Jake: Yeah. So, number one, one is reminded of Charlie Munger putting the Daily Journal portfolio into hibernation, lowering the metabolism of it, and into nothing but T bills. And then when the environment becomes more conducive to investment, he’s back at full strength, like, just the ultimate impatience, just like a tardigrade would. Being very small actually allows them to go nearly anywhere on Earth. There’s a similar advantage in managing money where you can go anywhere and exploit small pockets of inefficiencies when you’re very small.

From a life perspective, I think maybe Munger talks about this a lot, like, one of the greatest hacks for happiness and contentment are to lower your expectations. And likewise, from a personal finance point of view, I think your best defense against inflation is likely maintaining a low-cost structure, so, a low metabolism. Keep a low surface area for inflation to attack you. So, basically, living within your own your means is a great way to be resilient, kind of similar to what a tardigrade does when it’s facing a difficult as.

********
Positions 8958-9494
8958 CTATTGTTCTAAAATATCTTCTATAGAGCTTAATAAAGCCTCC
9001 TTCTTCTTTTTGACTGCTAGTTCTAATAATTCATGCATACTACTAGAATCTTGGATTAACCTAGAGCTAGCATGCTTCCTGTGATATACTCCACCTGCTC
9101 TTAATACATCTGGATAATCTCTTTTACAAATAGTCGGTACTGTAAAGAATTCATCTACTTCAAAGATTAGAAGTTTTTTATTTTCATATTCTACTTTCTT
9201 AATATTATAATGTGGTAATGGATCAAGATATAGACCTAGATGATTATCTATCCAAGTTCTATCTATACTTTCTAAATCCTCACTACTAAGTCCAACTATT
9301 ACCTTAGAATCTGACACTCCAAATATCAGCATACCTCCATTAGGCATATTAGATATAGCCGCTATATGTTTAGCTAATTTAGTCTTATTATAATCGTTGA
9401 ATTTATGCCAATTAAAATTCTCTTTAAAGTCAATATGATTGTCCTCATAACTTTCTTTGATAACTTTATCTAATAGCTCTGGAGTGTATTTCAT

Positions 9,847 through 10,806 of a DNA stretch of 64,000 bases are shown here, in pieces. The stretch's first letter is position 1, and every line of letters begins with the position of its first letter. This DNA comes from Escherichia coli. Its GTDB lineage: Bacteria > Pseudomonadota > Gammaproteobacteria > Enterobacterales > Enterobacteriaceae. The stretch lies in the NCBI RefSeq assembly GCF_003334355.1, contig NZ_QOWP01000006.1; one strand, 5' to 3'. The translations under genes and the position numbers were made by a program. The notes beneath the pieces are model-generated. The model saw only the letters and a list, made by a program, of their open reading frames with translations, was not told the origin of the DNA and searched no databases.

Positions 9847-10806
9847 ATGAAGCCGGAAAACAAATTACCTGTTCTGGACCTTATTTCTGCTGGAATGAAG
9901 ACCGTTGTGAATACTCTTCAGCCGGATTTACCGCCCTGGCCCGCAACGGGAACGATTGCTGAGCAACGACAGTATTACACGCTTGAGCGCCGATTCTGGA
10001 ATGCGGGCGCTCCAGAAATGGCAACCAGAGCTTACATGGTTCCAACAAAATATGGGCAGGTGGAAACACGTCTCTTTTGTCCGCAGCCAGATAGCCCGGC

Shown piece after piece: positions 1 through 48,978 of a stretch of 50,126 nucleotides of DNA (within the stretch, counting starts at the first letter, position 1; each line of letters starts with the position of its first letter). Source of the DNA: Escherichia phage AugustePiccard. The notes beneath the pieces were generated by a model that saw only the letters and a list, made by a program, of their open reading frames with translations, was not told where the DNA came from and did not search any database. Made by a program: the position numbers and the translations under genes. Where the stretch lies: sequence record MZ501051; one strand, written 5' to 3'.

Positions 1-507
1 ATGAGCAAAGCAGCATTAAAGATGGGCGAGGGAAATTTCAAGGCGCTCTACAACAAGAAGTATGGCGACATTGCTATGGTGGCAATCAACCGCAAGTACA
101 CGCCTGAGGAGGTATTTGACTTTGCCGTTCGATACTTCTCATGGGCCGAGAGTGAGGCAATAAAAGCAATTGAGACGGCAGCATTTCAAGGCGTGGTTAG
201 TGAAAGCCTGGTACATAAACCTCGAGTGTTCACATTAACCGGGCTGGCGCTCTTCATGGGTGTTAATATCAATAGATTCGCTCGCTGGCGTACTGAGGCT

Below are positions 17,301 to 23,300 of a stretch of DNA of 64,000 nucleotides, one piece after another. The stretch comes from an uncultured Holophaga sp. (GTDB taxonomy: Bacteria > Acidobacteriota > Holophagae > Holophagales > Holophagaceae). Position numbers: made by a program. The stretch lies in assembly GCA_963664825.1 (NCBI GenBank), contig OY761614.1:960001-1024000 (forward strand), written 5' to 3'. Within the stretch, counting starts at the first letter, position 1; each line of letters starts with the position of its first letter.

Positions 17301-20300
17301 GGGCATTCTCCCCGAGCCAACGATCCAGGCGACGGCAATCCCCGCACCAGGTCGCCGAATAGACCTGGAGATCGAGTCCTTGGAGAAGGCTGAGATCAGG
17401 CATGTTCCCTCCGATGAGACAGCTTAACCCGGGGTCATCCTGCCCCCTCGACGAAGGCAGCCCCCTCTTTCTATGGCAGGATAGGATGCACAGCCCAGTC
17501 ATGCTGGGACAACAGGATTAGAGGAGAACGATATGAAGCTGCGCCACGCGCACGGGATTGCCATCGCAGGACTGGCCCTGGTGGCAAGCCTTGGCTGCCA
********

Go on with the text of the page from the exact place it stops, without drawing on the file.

As John D. Rockefeller said, “Save when you can, not when you have.” So, tardigrades don’t share a lot of genetics with other species, and so they’re their own distinct creatures. I would say that the best investors are also their own unique creatures. They usually share some DNA with other successful investors, but they aren’t copycats. They usually find their own style that’s authentic to them. And then the last thing, tardigrades have that unique protein that we talked about that suppresses DNA damage. I think we can strive to control our environments as best we can to express the mental proteins of resilience which suppress investment related brain damage.